Canoeing & boat trips
Canoeing or kayaking is another popular way of exploring the Loire Valley and its beautiful landscapes, whether you’re experienced or a novice, alone or with family. Skim silently along the Loire, Vienne, Erdre and Cher rivers, staying the closest you can be to the water, getting up close to the valley’s wildlife (including beavers and birds) and pausing to explore the rivers’ deserted islands. Many visitors enjoy camping along the banks or stopping for picnics under the shade of a weeping willow, and passing beneath the arches of Chenonceau on the Cher is a thrilling experience. The Parc naturel régional de Loire-Anjou-Touraine offers nine themed itineraries ranging from 10-22km in length, punctuated by picturesque towns and villages such as Tours, Montsoreau, Candes-Saint-Martin, Saumur, Chinon and Île-Bouchard Canoes and kayaks can be hired from numerous activity centres or from major towns including Saumur and Chinon.
For an even more relaxing waterborne journey, hop aboard one of the Loire’s traditional flat-bottomed boats. The largest is the gabarre, a white or red sailing boat weighing 22 tonnes that was formerly used for transporting goods. You’ll find examples in Montjean-sur-Loire, La Ménitré or Orléans. The smaller toue is the Loire’s typical fisherman’s boat, sometimes cabanée (with a cabin). This type of boat is still used for fishing today and you can also board one for a trip. The smallest Loire boat is the fûtreau, used simply for crossing from one bank to the other. All the boats can be admired in the Observatoire de Loire in Blois, at Port de la Creusille where they are built and renovated, or at the Musée de la Marine de Loire in Châteauneuf-sur-Loire.
Bikes are an ideal form of transport for exploring the Loire Valley and in perfect harmony with its varied landscapes, châteaux and vineyards thanks to the numerous cycling routes criss-crossing the area.The best-known of them, La Loire à Vélo, runs along the river from Cuffy near Nevers all the way to the estuary in Saint-Brevin-les-Pins on the Atlantic coast. It covers a total distance of 800km, clearly marked, secure and fully adapted to the needs of cyclists (with bike hire places and accommodation en-route), as well as being child-friendly. Whether you bike for fun, competitively, with your loved one or with family, the route can be completed in any way you want. There are many others routes too, so simply choose one and enjoy exploring the Loire Valley at your own pace, taking in all the sights along the way.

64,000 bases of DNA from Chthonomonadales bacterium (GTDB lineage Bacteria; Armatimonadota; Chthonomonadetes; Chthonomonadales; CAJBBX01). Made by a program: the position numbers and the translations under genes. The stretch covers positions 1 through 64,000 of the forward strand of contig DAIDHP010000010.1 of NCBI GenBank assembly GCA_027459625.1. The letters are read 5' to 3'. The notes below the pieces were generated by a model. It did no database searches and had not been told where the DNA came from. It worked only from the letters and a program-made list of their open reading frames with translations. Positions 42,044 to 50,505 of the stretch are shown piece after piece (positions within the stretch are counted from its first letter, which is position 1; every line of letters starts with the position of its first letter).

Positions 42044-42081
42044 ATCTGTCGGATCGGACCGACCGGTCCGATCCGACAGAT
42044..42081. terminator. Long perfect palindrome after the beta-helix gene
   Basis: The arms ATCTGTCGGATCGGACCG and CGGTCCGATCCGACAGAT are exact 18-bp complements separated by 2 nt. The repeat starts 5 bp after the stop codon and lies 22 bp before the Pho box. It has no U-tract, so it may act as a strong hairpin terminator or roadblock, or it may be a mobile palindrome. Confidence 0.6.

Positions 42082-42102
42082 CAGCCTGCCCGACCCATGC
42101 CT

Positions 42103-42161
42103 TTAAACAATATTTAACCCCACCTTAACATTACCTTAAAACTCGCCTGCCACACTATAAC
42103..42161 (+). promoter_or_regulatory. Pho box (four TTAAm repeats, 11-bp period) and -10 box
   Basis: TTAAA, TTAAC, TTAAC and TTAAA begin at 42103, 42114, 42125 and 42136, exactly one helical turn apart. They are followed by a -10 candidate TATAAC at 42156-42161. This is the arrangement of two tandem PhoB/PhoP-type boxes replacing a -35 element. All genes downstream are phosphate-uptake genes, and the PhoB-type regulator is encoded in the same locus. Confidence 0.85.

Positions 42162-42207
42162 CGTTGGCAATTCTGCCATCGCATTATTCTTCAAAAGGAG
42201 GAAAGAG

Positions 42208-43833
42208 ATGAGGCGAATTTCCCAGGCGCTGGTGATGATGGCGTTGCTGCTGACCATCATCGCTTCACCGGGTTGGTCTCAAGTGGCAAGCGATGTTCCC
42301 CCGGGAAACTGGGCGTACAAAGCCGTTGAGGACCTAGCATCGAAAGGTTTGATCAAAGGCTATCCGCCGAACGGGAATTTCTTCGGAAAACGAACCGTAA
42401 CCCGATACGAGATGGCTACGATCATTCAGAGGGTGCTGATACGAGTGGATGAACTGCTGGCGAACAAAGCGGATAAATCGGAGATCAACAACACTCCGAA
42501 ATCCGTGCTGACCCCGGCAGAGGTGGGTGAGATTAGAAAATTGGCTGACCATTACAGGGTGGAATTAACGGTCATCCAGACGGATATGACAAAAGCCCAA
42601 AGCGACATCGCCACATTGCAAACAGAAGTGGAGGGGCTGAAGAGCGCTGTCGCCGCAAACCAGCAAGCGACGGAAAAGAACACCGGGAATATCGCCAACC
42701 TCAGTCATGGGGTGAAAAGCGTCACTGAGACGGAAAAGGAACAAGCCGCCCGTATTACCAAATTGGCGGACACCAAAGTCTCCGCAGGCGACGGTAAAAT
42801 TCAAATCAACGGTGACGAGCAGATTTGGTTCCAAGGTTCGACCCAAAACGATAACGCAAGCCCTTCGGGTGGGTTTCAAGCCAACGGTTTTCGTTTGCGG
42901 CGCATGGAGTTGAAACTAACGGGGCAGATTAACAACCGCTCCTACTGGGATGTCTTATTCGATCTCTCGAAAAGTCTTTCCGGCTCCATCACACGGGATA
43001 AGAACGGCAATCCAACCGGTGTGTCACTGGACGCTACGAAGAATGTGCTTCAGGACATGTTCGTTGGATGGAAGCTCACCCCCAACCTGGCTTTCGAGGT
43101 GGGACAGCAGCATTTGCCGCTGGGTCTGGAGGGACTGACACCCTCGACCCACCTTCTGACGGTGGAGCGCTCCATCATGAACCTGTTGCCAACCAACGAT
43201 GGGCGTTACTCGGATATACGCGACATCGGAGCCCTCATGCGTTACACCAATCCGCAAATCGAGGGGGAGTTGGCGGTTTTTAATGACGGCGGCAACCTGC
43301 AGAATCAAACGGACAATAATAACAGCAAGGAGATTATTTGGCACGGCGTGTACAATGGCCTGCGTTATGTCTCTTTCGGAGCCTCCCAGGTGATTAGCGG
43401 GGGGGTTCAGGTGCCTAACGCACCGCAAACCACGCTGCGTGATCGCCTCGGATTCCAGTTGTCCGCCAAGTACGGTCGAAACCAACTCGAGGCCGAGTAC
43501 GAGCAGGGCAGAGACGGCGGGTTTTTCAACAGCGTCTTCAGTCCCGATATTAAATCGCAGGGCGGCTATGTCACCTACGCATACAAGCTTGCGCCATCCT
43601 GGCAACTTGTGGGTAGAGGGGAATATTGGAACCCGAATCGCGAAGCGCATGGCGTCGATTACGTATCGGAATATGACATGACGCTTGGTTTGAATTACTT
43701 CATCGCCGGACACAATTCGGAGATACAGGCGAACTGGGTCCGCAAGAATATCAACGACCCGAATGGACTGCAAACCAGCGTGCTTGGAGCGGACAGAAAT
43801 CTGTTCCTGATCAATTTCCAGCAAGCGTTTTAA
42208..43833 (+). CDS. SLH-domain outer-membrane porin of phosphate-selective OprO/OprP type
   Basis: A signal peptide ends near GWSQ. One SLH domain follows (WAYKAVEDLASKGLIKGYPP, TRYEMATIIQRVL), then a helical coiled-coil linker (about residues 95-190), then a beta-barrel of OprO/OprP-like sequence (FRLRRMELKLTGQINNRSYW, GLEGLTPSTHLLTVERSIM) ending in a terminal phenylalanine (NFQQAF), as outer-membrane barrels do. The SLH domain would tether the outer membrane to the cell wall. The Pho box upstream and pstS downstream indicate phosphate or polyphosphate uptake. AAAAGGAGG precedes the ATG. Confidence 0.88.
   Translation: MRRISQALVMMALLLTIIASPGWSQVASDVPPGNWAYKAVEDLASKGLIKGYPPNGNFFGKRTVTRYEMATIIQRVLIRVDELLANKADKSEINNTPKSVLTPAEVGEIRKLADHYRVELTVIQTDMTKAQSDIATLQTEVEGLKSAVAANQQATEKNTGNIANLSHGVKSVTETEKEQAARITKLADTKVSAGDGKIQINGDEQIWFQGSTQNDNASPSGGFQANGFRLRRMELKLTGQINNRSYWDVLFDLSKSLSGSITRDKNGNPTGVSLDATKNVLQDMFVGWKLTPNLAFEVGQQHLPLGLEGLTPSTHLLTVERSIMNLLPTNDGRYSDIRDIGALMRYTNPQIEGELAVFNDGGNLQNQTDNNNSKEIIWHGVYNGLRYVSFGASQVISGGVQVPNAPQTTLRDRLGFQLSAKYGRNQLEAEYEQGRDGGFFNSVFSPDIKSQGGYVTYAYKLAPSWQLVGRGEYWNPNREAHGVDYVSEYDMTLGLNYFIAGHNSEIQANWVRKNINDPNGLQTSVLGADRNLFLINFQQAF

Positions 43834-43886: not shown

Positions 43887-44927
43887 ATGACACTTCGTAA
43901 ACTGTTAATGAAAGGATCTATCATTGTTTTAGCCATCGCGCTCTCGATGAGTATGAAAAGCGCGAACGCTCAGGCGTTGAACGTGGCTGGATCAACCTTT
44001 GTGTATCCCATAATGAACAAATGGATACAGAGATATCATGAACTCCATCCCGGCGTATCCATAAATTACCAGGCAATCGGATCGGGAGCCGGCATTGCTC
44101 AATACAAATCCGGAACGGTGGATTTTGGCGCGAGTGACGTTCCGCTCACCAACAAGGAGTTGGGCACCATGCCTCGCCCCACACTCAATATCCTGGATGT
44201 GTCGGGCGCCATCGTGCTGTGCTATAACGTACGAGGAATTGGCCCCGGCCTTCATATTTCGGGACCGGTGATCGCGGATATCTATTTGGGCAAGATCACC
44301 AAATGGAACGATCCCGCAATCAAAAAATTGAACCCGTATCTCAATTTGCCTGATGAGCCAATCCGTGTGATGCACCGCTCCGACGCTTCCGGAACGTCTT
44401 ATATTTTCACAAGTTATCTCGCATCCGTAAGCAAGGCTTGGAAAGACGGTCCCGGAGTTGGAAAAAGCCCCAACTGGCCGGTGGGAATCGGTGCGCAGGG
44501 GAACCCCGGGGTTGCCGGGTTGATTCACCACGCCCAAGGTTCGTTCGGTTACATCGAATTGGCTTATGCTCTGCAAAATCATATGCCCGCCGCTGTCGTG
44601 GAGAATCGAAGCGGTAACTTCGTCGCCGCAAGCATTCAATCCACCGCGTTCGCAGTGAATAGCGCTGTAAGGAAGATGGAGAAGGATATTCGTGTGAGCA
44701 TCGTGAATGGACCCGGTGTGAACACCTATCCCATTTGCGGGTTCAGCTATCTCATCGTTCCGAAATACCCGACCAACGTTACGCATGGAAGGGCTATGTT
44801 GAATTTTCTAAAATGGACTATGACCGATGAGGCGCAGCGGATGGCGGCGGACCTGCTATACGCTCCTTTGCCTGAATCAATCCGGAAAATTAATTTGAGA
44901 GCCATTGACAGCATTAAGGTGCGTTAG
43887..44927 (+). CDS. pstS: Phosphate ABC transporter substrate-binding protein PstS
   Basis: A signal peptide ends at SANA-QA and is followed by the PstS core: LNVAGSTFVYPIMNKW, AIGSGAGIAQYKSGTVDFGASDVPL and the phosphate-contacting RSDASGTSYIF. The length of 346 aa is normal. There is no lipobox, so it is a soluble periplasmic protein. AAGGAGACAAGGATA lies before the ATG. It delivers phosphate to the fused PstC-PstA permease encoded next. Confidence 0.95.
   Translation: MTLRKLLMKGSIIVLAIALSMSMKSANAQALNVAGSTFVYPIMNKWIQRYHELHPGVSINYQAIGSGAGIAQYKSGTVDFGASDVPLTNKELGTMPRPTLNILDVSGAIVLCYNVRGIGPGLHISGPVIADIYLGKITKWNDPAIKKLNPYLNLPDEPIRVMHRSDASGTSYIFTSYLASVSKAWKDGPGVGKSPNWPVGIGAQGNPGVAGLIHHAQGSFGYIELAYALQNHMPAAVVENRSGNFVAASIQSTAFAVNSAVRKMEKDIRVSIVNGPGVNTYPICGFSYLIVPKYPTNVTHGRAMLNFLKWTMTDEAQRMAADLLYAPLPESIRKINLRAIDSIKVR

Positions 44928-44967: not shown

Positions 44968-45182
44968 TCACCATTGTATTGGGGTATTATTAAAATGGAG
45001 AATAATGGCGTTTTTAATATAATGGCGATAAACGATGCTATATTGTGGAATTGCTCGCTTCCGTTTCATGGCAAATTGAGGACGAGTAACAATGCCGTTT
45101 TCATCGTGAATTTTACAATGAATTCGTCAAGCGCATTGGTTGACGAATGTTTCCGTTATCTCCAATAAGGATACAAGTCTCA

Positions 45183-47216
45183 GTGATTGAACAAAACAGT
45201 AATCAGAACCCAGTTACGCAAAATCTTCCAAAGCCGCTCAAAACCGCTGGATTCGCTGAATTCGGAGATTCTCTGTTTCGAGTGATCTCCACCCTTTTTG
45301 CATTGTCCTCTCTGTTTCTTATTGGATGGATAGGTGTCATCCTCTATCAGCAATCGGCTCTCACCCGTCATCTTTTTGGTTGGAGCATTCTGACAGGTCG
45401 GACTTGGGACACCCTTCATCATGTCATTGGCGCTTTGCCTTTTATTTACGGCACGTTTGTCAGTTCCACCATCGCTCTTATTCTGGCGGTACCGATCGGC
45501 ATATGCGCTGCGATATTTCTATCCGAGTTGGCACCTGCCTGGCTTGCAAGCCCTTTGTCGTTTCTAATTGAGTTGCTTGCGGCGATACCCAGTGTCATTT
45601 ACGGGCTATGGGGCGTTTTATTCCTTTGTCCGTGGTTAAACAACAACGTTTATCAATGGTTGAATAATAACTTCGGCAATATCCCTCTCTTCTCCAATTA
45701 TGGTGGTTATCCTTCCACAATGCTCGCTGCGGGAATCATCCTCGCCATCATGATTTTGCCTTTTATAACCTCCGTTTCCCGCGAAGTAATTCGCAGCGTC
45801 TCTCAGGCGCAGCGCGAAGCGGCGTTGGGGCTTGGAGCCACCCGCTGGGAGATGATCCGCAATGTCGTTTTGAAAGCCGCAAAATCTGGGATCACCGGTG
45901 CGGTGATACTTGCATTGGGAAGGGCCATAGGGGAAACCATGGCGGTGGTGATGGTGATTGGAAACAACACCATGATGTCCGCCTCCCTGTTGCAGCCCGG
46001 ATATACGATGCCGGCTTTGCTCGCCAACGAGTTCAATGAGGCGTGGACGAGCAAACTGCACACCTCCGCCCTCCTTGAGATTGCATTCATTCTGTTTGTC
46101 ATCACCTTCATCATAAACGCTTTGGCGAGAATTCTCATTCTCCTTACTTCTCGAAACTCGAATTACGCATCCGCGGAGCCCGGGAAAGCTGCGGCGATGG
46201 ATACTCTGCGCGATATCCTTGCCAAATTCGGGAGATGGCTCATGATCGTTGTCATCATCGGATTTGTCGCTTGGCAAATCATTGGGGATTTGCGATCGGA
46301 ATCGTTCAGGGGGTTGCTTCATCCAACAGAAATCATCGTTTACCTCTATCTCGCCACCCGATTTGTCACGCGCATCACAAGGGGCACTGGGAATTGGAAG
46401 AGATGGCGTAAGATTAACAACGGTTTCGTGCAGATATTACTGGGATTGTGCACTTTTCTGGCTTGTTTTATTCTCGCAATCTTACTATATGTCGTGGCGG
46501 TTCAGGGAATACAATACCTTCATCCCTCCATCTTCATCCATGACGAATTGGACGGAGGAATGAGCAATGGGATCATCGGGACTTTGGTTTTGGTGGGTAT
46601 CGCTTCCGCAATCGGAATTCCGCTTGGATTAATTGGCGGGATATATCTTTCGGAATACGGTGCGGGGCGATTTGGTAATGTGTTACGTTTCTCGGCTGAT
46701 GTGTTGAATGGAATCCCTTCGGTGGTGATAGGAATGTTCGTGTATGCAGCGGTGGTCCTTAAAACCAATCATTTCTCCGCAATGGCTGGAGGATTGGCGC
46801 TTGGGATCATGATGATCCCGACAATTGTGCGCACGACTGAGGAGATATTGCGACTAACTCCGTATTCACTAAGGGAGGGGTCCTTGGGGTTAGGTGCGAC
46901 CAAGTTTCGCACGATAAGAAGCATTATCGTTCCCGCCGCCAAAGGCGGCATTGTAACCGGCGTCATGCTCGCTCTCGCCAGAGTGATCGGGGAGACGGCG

The abundant oak and waterways and access to the port city of Nantes made the Loire Valley an ideal area for the establishment of tanneries. As tanning was such a noxious trade, it was historically carried out on the outskirts of towns or villages. It could take 24-30 months to transform raw hide into leather; skins would arrive at a tannery to be soaked in water before being pounded, scoured, stripped of hair and softened. The only institution of its kind in France, the Musée du Cuir et de la Tannerie (Leather and Tannery Museum) in Château-Renault is set in an old tanner's workshop founded in the 16th century.Guided tours are available on request.
Unusual sensory trips with children
Want to try something out of the ordinary? Whether it’s aboard a mining railway or a little tourist train, on the back of a mechanical elephant or in a submarine, children are guaranteed to learn plenty of fascinating facts while having fun! Travel 126 metres underground into the Mine Bleue, so named after the extraction of slate here from the Gâtelière site in the 1930s. Once underground (after taking the lift or the cable car), a little miners’ train will take you and your family along the paths of miners from long ago. Another little train you can catch is the Loire Valley tourist train, which dates from the 1950s. Departing from Thoré-La-Rochette, it will take you on a journey to discover the little village of Trôo and its troglodyte dwellings.
In Saint-Nazaire, it’s the Espadon submarine that will delight younger visitors. Although it’s not actually submerged – just afloat in the port’s fortified lock – children’s vivid imaginations and the sound effects used will quickly transport them under the ocean. On the Île de Nantes, there is a mechanical elephant so big that it can carry no less than 50 people on its back… climb aboard, 12 metres from the ground! The ride will take you to discover many of the old shipyard’s other amazing attractions like the Carrousel des Mondes Marins and the Galerie des Machines.
The Maison de la Magie in Blois is another special place children will love – here they can witness some of the greatest tricks and illusions in magic through exhibitions and shows. The mysteries continue at the Château des Enigmes in Fréteval. At the Château of Rocheux, become a crafty detective in a giant treasure hunt (suitable for age 4+). Your mission? To find the treasure of King Philippe Auguste, one of the first kings of France.